T Nation

Should I Be Doing Split Workouts?


#1

Hello all,
I am new to weightlifting as I have only been lifting since 6/1/09. Since then I have been doing full body workouts and still am to this day. I have heard different things about full body and split workouts and I am lost. Currently my workouts are Monday, Wednesday, Friday and they consist of Bench Press, DB Bicep Curls, DB Forearm Curls(for lacrosse), Rows, Tricep Dips, Calf Extensions and Squats.

Heres some numbers that you guys usually ask for:
Height: 5'8
Weight: 165 lbs
Bench: 145lbs
Squat: 200lbs
Age: 17

So basically if I should be splitting my workouts, how would I go about doing so? I've heard talk about upper and lower body days, days for specific muscle groups, etc and I am completely lost.

In addition, I play lacrosse so I would like to get Bigger, Faster and Stronger. But I was wondering during lacrosse season in the fall I will have practice 3x a week and about 5 games throughout the fall. Come spring time practice is everyday and about 15 games on the season, anywhere from 1-2 per week. Once I establish a workout split plan, what should I go about doing during lacrosse season in both the fall and spring so come when season is over, its not like I'm starting over lifting again?

All help is appreciated and feel free to PM me anything you think will help. Sample workout splits, etc would be GREAT.

On a side note, how do ya'll keep track of your workouts? Logs? Paper/Pen? Notebook?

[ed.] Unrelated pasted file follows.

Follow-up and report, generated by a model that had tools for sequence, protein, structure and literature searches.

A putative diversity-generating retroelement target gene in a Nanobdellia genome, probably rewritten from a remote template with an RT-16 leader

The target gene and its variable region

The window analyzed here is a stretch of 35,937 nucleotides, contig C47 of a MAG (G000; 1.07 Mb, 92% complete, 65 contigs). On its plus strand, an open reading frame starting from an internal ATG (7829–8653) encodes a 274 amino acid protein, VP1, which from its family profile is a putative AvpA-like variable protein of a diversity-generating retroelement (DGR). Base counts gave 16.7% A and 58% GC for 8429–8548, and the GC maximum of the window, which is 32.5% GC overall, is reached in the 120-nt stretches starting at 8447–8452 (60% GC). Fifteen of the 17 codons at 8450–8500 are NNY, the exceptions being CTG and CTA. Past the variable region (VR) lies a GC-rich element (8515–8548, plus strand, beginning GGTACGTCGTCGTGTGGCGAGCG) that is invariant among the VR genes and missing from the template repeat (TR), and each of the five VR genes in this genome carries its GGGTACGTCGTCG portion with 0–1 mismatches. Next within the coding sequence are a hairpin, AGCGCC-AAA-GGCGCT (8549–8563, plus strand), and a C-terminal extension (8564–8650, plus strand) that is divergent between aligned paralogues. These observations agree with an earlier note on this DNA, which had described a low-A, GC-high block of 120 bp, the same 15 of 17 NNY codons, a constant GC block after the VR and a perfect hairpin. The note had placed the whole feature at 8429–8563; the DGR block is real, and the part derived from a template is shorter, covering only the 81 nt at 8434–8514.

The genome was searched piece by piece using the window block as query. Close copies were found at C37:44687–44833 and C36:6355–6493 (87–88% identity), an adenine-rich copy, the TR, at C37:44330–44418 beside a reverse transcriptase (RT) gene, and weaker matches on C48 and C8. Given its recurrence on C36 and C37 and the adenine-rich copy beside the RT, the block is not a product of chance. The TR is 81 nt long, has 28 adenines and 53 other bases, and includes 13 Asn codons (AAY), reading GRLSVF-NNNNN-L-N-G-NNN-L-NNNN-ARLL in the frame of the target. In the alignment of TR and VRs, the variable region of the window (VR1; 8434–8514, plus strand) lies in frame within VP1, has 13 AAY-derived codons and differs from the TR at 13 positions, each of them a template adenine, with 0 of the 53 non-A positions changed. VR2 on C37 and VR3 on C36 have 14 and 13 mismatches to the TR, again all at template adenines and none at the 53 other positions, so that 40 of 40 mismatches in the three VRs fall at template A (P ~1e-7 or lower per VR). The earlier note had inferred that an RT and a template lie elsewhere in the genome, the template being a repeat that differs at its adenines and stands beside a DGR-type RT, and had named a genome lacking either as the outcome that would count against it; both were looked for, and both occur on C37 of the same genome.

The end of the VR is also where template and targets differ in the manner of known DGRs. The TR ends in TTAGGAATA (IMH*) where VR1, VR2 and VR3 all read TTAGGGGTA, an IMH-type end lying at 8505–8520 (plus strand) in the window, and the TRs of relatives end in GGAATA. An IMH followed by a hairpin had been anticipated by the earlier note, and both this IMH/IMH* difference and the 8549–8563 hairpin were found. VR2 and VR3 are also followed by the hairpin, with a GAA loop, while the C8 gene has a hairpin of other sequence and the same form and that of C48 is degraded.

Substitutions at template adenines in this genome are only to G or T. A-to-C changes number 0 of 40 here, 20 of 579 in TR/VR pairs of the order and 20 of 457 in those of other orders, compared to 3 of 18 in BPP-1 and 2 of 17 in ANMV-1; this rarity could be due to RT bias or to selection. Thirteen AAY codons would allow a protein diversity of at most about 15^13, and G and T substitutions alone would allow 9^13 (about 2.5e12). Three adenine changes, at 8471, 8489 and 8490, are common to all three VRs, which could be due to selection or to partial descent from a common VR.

End post...finally.


#2

for keeping track of your workouts, spreadsheets are the best thing for me. You can't lose it anywhere, put it some place and forget where it is, can't damage it. Plus, it looks neat and organized.


#3

WS4SB


#4

Thanks for the idea deadsion. Fuzzyapple, sorry but what??


#5

West Side For Skinny Bastards. Its a good athletic program to start for a split.


#6

Logs on index cards.

Yes, do splits. How you split it depends on how much energy you have, how much time you have, and how long it takes for you to recover, among other things.

Eat a lot more, like maybe twice as much.

Lift at home in the morning if you have weights there. You're young enough that you should be able to lift and do lacrosse practice on the same day so long as your diet will support the increased activity and muscle growth.

I do a 3 day split. Legs, upper body push, upper body pull.


#7

defrancostraining.com read everything on there


#8

Just get a small note book that you can bring to the gym write down you're target reps for the day -eg one more rep than the last time you hit that excercise.
Hit the reps put a tick next to it.
Make sure your numbers are steadily going up for the big lifts(bench, Sq, deads) no need to get too anal about the rest.


#9

Also if you're serious about lifting starting a log on this site isn't a bad idea


#10

Thanks for all the great responses and information. I am in the process of familiarizing myself with the WS4SB workout and it looks great. Thanks for the recommendation Fuzzyapple. Keep on posting guys!


#11

I'm actually going to play a little devil's advocate here and say that you should stick with total body training. A lot of people dog tbt advocates because that's not the training methodology that bodybuilders use. But if you aren't training to be a bodybuilder, why wouldn't you follow the advice of these coaches who actually train athletes?